Over half of 25-40-year-olds say it’s important that their next home is made using sustainable materials.
Window manufacturers Eurocell asked 1,000 people what design features they want for their future home, who identified double/triple glazing (58%), solar panels (35%), energy efficient appliances (34%) and the use of recycled and sustainable building products (22%) as the features they would like the most.
Eurocell says housing developers and not central government are pushing this trend and they hope that their statistics will show that there is consumer and tenant demand for sustainable development.
The research is part of Eurocell’s ‘The Future Home Report’ which you can read here.
Steve Marshall, architect director and head of housing at Building Design Partnership said: ‘Some of our local authority clients like to be seen as leading the way and pushing standards when it comes to sustainability.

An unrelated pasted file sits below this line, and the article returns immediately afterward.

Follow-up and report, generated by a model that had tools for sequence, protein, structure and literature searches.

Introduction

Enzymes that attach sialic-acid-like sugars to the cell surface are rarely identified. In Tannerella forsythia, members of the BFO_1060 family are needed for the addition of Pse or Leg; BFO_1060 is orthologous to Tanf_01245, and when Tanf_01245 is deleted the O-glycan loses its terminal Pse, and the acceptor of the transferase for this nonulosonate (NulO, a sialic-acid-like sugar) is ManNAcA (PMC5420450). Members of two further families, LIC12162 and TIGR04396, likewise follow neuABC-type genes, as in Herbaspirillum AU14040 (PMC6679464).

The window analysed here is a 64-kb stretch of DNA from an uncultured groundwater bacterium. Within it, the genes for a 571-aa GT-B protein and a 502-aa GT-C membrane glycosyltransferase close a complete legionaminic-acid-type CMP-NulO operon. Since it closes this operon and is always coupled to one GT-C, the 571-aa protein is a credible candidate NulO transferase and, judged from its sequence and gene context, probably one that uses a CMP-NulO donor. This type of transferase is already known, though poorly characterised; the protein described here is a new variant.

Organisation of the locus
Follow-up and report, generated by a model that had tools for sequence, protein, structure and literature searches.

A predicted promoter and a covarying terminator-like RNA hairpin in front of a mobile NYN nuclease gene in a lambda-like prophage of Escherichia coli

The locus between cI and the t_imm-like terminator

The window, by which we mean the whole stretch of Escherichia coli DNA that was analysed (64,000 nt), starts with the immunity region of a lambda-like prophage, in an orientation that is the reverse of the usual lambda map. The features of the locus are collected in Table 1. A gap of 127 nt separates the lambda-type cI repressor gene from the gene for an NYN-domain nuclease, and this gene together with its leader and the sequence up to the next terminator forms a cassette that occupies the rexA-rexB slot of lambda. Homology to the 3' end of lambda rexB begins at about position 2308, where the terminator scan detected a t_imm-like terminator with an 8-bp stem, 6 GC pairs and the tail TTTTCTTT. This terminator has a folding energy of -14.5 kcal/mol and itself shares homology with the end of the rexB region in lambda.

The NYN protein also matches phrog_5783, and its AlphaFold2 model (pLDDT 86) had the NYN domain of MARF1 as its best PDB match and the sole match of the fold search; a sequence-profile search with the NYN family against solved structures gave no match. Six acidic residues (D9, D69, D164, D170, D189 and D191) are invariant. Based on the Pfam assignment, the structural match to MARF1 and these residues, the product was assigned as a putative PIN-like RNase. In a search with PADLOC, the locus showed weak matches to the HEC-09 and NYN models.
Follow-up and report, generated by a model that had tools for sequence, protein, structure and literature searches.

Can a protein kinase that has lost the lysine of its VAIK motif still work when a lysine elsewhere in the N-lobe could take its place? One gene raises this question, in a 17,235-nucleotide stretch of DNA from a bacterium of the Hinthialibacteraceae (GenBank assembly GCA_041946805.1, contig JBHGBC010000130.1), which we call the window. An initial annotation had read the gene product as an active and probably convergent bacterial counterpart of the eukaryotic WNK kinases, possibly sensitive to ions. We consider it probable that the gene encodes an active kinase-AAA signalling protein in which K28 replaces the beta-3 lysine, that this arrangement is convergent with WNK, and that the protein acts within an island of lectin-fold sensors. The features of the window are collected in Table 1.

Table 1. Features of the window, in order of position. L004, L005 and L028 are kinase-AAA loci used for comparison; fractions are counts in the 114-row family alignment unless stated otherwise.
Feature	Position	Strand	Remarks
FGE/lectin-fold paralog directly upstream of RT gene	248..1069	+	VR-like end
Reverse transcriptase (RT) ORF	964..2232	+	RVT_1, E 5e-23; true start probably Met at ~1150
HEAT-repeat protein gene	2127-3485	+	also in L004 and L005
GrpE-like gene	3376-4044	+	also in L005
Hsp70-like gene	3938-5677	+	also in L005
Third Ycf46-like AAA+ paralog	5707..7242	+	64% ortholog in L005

‘They need to be seen to be doing the right thing and as such will go above and beyond minimum requirements. It might take time for this to impact the standards that others build to, but this may happen as buyers start to ask why the council is offering something that private developers are not.’
James Roberts, project architect at SimpsonHaugh, said: ‘It comes down to what is tangible. People understand the concept of double glazing and smart meters, for example.
‘However, if you look at the sustainability credentials of the materials used, or how airtight a home is, these are less tangible yet can have an equally significant impact on how sustainable a home is.
‘As such, willingness to invest in some “sustainable design features” is likely to increase as the public’s understanding of them does. Some they will already be investing in, without appreciating it.’
Last month, Charlie Knox, director of environmental and sustainability at building and project consultancy Paragon, wrote in Environment Journal about common misconceptions around environmental and sustainability risks associated with developments and property transactions.
‘As more businesses are prepared to accept environmental responsibility within our industry, there will be an increase in sustainable property investment and development that achieves socio-economic growth within the UK without negatively impacting the wider environment, which ultimately we will all benefit from,’ he wrote.